The 2013 World Baseball Classic is a wrap, and we have a new champion in Team Dominican Republic.
The Dominicans rolled through the event undefeated, notching wins against Venezuela, Spain, Italy, the United States and Team Netherlands on the way to snagging the WBC crown. They topped Team Puerto Rico a total of three times — once in pool play, once in the second round and again on Tuesday night in their first-ever World Baseball Classic championship game at a rain-soaked AT&T Park in San Francisco.
Dominican starter Samuel Deduno delivered five scoreless innings in the 3-0 win, allowing only two Puerto Rican hits while fanning five. Deduno yielded one earned run in 13 World Baseball Classic innings. He was followed Tuesday by Dominican relievers Octavio Dotel, Pedro Strop, Santiago Casilla and Fernando Rodney, who all contributed scoreless frames.
Edwin Encarnacion played the biggest role on offense in the championship game, smacking a tone-setting two-run double in the bottom of the first inning after Team Puerto Rico decided to intentionally walk the batter in front of him, Robinson Cano. Cano was 0-for-3 on the night but had a massively productive tournament.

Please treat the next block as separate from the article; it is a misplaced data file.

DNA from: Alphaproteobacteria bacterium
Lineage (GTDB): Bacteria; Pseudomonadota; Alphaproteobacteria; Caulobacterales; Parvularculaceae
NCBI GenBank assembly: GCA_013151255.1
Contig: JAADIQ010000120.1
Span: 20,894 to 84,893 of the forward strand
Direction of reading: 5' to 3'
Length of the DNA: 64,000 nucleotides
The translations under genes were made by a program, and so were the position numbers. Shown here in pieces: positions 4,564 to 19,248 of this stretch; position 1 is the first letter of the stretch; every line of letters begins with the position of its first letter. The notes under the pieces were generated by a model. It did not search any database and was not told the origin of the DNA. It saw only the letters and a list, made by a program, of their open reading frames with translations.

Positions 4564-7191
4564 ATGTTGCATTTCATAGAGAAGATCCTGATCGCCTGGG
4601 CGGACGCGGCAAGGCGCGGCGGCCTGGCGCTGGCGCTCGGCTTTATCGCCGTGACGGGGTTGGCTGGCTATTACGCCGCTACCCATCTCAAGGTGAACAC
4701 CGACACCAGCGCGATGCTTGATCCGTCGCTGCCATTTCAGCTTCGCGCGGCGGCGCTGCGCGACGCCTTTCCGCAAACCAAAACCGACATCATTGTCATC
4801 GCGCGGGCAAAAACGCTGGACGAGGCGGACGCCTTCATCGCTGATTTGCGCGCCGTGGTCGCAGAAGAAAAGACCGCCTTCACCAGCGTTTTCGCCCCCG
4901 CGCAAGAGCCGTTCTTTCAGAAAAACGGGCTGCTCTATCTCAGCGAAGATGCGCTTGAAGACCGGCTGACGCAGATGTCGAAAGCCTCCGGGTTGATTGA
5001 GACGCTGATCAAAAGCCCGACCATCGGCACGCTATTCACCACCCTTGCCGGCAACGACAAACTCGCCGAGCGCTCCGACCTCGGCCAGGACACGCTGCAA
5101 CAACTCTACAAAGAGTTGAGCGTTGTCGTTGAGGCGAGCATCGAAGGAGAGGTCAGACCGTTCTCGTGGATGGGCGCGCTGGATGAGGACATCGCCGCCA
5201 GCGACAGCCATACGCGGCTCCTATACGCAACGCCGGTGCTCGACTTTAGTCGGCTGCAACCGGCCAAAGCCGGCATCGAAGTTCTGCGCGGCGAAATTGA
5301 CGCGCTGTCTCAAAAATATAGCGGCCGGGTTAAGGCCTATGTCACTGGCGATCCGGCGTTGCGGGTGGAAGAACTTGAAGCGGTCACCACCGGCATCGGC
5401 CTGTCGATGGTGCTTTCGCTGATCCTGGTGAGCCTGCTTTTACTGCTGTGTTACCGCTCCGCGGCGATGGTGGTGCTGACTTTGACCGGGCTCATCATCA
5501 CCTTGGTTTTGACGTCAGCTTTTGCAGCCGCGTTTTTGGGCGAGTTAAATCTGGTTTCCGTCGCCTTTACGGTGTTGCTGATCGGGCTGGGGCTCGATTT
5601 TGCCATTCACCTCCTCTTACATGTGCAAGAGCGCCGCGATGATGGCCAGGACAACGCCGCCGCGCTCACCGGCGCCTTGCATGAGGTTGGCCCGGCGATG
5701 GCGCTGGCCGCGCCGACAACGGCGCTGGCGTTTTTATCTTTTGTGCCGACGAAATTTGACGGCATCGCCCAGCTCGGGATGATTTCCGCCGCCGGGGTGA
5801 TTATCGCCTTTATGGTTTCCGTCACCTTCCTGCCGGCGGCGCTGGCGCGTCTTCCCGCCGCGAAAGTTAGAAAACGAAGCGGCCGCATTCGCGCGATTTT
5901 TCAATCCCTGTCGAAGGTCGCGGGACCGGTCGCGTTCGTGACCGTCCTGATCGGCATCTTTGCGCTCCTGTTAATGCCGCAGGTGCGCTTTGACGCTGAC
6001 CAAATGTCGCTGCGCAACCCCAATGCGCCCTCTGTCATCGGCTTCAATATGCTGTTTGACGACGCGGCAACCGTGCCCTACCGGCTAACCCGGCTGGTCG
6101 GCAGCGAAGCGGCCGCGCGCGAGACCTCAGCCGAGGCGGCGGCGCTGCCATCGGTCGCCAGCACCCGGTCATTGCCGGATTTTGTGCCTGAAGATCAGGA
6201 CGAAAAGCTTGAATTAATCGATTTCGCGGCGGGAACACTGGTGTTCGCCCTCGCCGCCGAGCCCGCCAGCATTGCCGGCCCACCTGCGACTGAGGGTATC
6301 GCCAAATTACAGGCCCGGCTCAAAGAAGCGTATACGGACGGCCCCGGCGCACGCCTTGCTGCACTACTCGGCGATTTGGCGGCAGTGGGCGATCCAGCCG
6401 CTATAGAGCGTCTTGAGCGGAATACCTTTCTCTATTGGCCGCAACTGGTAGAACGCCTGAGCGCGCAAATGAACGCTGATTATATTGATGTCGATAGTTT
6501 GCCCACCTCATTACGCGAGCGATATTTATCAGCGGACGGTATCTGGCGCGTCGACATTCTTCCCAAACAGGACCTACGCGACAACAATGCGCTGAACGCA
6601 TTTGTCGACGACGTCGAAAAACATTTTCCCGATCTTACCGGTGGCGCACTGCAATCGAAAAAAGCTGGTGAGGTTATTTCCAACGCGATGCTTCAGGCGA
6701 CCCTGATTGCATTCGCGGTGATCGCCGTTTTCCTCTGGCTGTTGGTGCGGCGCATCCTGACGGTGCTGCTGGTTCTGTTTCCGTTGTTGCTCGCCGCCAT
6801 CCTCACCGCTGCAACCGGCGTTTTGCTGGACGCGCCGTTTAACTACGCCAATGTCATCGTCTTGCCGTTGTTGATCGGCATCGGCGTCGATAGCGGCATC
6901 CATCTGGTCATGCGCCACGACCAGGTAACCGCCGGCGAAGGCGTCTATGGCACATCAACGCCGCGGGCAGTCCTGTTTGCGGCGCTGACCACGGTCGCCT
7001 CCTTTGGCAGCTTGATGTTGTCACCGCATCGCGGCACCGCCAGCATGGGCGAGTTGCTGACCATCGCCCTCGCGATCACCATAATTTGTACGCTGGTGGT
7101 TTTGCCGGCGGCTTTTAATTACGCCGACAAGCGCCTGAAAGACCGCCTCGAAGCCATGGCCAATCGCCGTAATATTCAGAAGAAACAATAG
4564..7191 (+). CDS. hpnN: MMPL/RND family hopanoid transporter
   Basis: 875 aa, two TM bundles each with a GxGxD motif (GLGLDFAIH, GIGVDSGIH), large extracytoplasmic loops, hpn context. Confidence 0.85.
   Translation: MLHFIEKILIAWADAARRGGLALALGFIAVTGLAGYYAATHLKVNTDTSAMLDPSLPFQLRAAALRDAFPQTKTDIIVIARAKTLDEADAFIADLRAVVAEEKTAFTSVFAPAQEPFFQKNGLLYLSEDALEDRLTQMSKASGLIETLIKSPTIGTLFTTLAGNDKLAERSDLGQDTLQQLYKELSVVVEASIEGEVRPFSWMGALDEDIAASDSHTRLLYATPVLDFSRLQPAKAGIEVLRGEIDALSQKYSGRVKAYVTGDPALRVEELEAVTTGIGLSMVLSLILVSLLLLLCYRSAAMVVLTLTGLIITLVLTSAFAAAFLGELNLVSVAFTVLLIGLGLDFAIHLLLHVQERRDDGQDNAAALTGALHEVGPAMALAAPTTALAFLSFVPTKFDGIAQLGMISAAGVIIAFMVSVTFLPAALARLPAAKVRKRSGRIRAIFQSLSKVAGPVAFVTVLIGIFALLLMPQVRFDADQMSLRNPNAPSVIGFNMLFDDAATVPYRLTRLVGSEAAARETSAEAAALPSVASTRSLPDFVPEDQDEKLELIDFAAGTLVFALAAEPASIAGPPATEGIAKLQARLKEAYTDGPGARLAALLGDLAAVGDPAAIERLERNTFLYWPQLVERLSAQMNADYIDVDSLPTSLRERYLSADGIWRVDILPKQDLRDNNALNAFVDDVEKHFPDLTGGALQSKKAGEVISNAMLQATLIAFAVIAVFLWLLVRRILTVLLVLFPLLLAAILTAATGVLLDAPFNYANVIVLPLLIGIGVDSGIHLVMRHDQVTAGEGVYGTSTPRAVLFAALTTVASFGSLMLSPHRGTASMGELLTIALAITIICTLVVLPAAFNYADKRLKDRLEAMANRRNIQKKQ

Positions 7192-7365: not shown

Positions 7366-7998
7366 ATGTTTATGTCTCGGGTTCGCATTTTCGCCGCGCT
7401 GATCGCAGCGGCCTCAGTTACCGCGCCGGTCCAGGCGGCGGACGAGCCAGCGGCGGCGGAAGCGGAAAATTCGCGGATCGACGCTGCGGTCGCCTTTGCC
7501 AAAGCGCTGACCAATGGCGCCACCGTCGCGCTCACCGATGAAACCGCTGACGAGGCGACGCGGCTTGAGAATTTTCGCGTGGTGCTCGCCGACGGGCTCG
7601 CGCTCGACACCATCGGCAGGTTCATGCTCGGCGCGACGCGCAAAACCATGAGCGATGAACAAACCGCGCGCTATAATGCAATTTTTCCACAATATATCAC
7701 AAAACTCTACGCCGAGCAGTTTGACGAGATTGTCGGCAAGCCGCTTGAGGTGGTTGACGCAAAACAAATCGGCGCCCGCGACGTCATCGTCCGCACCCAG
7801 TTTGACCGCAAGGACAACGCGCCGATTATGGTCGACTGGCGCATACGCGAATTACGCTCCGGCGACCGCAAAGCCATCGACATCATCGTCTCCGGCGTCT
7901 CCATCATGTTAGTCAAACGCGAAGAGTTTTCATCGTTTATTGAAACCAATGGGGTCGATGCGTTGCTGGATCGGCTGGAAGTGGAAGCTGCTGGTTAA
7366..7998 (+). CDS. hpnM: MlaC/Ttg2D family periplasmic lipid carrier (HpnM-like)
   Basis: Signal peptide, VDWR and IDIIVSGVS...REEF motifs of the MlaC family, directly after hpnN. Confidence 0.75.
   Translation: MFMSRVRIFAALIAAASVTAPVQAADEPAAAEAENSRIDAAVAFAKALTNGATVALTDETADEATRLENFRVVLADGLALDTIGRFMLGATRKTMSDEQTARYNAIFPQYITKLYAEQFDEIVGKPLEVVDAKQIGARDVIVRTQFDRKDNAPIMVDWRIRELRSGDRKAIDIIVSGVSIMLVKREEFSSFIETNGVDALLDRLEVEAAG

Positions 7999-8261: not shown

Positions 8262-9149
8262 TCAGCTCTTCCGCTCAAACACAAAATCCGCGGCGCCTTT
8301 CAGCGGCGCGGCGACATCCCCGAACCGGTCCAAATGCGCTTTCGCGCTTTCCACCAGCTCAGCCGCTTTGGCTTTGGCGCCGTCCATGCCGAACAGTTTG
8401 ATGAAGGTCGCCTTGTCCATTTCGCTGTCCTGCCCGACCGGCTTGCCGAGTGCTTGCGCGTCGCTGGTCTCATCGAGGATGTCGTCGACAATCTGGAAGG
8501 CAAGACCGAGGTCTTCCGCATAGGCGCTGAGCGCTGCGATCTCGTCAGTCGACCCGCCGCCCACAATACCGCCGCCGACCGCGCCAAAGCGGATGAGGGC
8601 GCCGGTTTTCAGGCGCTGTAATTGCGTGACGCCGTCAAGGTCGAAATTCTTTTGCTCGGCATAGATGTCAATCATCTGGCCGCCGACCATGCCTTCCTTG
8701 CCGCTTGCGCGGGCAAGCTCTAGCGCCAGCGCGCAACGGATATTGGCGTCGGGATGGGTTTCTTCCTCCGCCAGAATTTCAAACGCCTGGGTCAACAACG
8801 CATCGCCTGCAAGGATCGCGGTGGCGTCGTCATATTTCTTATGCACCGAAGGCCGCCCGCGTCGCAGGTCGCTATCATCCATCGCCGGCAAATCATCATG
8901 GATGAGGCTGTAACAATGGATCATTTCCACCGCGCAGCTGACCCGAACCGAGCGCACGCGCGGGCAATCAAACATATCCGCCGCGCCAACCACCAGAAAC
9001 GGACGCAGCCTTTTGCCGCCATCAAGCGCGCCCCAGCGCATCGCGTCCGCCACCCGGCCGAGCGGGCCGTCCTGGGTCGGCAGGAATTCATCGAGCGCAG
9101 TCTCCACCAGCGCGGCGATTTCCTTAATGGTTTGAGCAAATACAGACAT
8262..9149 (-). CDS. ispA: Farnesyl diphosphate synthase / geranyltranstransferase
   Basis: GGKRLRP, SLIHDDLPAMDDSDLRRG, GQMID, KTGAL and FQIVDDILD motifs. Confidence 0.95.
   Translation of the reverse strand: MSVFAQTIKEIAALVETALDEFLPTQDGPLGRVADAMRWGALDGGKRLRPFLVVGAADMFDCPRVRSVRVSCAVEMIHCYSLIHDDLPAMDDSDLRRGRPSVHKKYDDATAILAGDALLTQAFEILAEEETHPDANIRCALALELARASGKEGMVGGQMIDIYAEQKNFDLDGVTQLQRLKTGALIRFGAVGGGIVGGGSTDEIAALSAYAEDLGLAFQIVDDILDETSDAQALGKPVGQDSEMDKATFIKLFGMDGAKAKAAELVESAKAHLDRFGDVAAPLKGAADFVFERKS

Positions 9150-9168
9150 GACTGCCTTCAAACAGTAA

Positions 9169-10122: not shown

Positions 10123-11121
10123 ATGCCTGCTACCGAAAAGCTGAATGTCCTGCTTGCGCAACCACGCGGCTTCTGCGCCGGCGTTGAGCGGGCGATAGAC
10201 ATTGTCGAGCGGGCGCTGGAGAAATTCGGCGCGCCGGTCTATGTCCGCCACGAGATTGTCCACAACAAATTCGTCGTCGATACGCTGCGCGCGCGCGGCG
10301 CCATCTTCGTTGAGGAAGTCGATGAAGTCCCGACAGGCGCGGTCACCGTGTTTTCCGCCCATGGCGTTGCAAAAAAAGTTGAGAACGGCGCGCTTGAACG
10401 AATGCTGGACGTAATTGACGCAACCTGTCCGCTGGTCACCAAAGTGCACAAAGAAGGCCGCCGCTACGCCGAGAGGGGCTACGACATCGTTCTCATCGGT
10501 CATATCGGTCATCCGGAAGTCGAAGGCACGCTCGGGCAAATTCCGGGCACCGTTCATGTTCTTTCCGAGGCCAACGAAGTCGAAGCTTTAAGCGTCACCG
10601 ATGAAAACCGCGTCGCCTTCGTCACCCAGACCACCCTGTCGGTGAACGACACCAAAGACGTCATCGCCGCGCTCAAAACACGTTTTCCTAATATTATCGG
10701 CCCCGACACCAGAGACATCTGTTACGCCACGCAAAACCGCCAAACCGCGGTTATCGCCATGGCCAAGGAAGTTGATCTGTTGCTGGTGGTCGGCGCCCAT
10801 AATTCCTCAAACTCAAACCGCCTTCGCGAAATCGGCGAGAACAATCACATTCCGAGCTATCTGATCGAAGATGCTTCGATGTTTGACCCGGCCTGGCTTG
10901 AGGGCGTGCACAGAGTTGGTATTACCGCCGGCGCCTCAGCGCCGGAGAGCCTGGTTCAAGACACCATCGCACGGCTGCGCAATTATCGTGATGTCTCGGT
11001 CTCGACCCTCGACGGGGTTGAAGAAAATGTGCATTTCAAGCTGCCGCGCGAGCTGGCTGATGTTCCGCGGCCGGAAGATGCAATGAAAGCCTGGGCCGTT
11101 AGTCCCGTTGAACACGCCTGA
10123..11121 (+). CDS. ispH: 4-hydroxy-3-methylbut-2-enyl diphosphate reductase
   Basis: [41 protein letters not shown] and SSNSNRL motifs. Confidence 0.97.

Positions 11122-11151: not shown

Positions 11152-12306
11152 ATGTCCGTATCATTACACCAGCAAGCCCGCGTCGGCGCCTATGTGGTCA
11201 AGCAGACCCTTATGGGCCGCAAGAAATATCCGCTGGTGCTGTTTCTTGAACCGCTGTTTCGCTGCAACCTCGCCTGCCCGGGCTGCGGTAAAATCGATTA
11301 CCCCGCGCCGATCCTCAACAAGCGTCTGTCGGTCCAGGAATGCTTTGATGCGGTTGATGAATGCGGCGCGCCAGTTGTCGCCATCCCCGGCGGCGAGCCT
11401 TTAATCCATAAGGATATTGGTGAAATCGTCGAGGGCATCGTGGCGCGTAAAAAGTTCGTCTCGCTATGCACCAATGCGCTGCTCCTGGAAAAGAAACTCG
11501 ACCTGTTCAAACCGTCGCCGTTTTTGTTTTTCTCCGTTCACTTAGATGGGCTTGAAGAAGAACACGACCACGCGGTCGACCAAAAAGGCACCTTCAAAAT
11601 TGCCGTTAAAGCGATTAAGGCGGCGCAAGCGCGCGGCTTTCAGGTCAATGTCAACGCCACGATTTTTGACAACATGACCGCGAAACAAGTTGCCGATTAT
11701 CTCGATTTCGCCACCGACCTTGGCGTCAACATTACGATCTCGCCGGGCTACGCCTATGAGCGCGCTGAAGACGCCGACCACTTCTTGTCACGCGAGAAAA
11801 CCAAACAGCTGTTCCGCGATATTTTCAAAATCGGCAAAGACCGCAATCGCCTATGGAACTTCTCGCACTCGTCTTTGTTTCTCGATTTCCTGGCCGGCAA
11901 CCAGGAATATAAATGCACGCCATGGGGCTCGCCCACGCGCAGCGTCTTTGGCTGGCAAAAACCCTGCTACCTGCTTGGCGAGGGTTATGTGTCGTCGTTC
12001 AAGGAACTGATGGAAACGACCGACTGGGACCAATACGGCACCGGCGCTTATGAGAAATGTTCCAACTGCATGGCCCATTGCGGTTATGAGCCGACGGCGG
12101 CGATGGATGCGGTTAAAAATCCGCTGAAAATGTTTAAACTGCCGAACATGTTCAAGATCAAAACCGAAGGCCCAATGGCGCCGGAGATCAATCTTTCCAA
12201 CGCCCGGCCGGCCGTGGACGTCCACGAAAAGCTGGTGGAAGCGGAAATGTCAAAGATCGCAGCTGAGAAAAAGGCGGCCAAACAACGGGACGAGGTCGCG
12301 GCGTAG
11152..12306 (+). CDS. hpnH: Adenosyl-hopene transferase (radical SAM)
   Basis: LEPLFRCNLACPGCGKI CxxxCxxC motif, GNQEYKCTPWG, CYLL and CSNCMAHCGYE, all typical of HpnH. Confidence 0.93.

Team Japan was crowned WBC champion in 2006 and 2009. They lost in the semifinals this year.
OXON HILL, MD — Bill King has been selected as the 2017 recipient of the Ford C. Frick Award, presented annually for excellence in broadcasting by the National Baseball Hall of Fame and Museum.
King, one of the iconic voices of Bay Area sports, was known for his handlebar mustache and his signature “Holy Toledo!” exclamation. King broadcast A’s games for 25 seasons, from 1981 through 2005. He likewise broadcast Oakland Raiders and Golden State Warriors games and got his start as an announcer for the Giants in the late 1950s after they moved to San Francisco.
King passed away in October 2005. With the Frick Award, however, he has now been immortalized among baseball broadcasters.
The Rockies have signed free agent outfielder/infielder Ian Desmond for five years and $70 million.
Desmond, 31, played his first season as a full-time outfielder with the Rangers in 2016. Before that he was the Nationals shortstop. He’ll almost certainly be an outfielder in Colorado, or else will play first base, as the Rockies have Trevor Story at short. Desmond hit .285/.335/.446 with 22 home runs, 86 RBI, 107 runs scored, and 21 stolen bases in 677 plate appearances, though he was much, much better in the first half than the second half.
The Rangers had placed a qualifying offer on him which he rejected, so the Rockies will have to give up their first round pick in the 2017 draft, which is 11th overall. That’s the highest pick a team can surrender under the qualifying offer system, as the first ten picks in the draft are protected.